Sunday, October 30, 2005

In 48 Hours, or Less The Clock Starts Ticking

It's almost November first, and I am not ready for the NaNoWriMo adventure. I need to remind myself frequently that I'll never really be ready and will just have to do it anyway.

Fortunately, I was able to obtain Chris Baty's book "No Plot? No Problem! and have read it. I finished it while riding the bus back to Kitchener. I only hope I'll think his comments are still funny when I'm in the middle of the concentrated writing month.

I'll have to take a broom and chase my inner editor out of the room, into the hall and down the stairs. But I've had lots of practice in using real brooms and mops lately, so I should be up to the task.

Maybe I'll do that tomorrow.

A Bed, A Bed, My Kingdon for a Bed. Adventures in the T-Dot

I would have liked to start this with a compliment to Sleep Country Canada, but alas, I can't.

My friend, "the bear" was in desparate need of a new bed. We went to the Sleep Country store. We chose a bed. The bed was to be delivered on October 27th. It did not arrive on October 27th. I was there and I know they did not call and it did not arrive. However, Sleep Country said they did come to the bear's apartment building and no one answered their call. Fuck that! There was no call.

After I called Sleep Country, and the bear called them too (he was irate and I can't blame him) an arrangement was made. The Bed he ordered would be delivered by an outside contractor ( a cartage company) on Saturday morning between 10 a.m. and i p.m. The bed arrived at 9:10 a.m. and I just got to the bear's apartment building in time to discover the cartage company people waiting outside his building.

Okay, so the good news is. - The Bed is now installed. It looks like a Laura Ashley oasis in the midst of chaos, but it's there. I've provided the plain blue sheets and four large soft pillows. Maybe he'll sleep on it tonight. He'd better, because I've ensured that he cannot sleep on his despicable couch.

I didn't get to do much while I was in the T-Dot. I'd planned to see the exhibition of Russsian art at the Art Gallery of Ontario. That didn't happen because I spent pretty much every moment at the bears apartment. However, I did get to see some great scenery (of the male kind) while staying at the Day's Inn at College and Yonge. Maple Leaf Gardens is closed, but it seems that many hockey players still stay at the Days Inn. It's fun to see those bulky guys tucking into large breakfasts at the hotel. I tucked-in too. I had the breakfast buffet, a small splurge, and really enjoyed myself.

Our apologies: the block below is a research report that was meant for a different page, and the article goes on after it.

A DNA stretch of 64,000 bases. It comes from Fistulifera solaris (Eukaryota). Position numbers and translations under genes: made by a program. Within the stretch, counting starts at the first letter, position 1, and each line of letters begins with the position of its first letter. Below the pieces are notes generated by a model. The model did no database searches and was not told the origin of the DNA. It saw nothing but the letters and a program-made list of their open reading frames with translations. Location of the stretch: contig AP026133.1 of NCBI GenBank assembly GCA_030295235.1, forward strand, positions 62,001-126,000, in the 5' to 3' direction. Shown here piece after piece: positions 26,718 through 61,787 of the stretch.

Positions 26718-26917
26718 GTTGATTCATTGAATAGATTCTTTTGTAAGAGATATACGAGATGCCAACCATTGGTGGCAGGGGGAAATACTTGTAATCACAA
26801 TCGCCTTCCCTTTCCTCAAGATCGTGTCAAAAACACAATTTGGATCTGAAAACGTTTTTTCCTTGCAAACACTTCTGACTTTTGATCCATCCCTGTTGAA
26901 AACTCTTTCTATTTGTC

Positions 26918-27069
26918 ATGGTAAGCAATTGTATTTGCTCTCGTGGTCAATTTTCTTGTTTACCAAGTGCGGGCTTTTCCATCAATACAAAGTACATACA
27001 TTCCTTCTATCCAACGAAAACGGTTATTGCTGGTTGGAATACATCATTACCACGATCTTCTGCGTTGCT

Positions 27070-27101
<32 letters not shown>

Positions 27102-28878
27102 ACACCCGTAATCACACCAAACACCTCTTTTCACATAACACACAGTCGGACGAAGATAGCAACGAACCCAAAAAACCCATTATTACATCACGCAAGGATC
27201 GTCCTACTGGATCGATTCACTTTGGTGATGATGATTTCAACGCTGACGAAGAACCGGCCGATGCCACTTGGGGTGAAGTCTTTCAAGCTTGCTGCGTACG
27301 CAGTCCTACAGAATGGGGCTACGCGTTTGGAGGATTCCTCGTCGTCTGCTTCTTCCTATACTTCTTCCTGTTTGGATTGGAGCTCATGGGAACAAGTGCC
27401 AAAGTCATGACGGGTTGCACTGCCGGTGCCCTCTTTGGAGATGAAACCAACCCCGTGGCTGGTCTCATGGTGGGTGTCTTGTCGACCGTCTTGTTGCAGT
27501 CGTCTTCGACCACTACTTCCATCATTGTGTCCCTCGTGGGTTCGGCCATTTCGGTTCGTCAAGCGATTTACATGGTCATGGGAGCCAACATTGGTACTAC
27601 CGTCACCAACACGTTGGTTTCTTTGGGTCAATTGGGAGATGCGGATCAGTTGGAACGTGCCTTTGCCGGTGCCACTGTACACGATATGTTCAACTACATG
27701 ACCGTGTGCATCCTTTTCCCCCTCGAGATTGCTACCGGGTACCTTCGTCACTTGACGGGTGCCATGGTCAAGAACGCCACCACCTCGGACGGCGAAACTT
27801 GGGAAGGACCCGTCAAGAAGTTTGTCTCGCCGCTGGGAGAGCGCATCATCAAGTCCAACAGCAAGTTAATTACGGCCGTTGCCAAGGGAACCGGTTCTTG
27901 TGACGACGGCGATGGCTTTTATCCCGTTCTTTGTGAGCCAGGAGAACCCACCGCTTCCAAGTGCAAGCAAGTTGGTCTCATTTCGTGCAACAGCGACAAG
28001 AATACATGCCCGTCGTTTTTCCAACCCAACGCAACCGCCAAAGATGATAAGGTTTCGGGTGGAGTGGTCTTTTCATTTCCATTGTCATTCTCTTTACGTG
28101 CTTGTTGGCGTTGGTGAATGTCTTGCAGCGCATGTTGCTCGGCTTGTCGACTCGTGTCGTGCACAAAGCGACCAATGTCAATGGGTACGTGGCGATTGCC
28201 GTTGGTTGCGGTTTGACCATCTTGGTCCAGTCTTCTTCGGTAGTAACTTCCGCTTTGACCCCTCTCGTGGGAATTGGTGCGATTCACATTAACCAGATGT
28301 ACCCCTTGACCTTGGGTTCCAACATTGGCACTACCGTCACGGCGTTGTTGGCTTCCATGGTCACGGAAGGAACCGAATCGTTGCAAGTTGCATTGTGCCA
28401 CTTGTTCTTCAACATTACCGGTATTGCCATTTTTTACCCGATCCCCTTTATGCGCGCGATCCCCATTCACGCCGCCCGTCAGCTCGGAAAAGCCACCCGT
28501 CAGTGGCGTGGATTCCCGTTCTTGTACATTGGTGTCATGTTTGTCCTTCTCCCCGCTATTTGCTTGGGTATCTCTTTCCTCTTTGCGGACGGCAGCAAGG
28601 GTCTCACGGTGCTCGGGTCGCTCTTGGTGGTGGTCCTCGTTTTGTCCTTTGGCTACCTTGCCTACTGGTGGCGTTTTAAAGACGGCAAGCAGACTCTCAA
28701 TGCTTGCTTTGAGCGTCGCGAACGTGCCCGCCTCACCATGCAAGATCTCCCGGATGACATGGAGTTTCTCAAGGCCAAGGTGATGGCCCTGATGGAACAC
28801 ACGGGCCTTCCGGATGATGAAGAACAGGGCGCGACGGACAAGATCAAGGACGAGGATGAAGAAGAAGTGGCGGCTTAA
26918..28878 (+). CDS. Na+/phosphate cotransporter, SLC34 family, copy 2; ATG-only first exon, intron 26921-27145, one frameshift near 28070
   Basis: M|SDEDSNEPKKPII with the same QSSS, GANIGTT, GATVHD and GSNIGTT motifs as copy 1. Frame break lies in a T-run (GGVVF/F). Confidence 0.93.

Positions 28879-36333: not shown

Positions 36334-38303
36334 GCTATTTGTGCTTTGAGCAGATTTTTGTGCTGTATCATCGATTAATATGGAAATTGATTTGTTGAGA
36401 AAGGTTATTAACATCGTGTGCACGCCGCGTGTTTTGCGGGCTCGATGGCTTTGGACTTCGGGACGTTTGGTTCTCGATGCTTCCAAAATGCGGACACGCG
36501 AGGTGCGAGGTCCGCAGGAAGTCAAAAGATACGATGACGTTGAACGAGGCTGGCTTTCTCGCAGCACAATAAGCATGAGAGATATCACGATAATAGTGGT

Coming into Toronto on the bus, one sees the waterfront. Well, sorta sees it in between the condominium towers. If the economy is slowing, it's not evident in the T-Dot. Every blank space downtown i s about to be occupied by a condo-tower. Maybe I should be glad I don't live in the T-Dot any more.

National Novel Writing Month (NaNoWriMo) will start soon and I am not ready. That could be a good thing.

Saturday, October 22, 2005

A Canadian Hero Comes to Town

I should say will be coming to town, but that would make the heading too long.

Stephen Lewis will be here, on November 3rd and will be speaking at St. Andrews Presbyterian Chuch, just down the street from me. Of course he'll be talking abou the AIDS crisis in Africa. He's been the U.N.'s special envoy to Africa for AIDS since 2001 and has worked tirelessly in his passionate and outspoken fashion to influence governments toward making effective changes. Rumour has it (and it's mentioned in this weekend's Globe and Mail article on him) that he may soon be fired for being direct and honest about the shortcomings of various powerful governments and the U.N. The Americans in particular are not happy about his honesty.

He's one of my heroes and true heroes are always in short supply.

On Monday, when the church office is open, I plan to pay the $25.00 which goes to the Stephen Lewis Foundation and get a seat for the evening. If the evening is sold out, and I hope it soon will be, I can look for Race Against Time (The 2005 Massey Lectures) when it comes out.

I only found out he was coming to town today when I saw a small squib about it in The Record but I hope that just means I don't buy the local paper often enough. He deserves an SRO crowd.

Sexy Posters Beside Lego Towers

I visited my daughter and her sons earlier this week and was treated to home-made chili for dinner. It gave us a chance to catch up on events in her life. Mine is fairly quiet at the moment.

It also gave me the opportunity to see my grandsons and this post is mostly about them-so if you are not in the mood to read a love letter-scroll down to the grunts'n groans section at the end.

Frank is 13 (and three months) and so far he is sailing through early adolescence and keeping vestiges of his boyhood close by. He has a poster of a sexy young singer in a bikini on the front of his dresser, and parked next to that is the Lego tower (city/space station etc.) that has been growing in his room for years. The current version of this fantastic world replaces one I accidentally toppled a few months ago. He and his brother Sam have collected Lego for years. In fact, they have so much of it that relatives are not allowed to give them more. When the edict came from on high ( 'mom says no') it caused great dismay among the male reli's.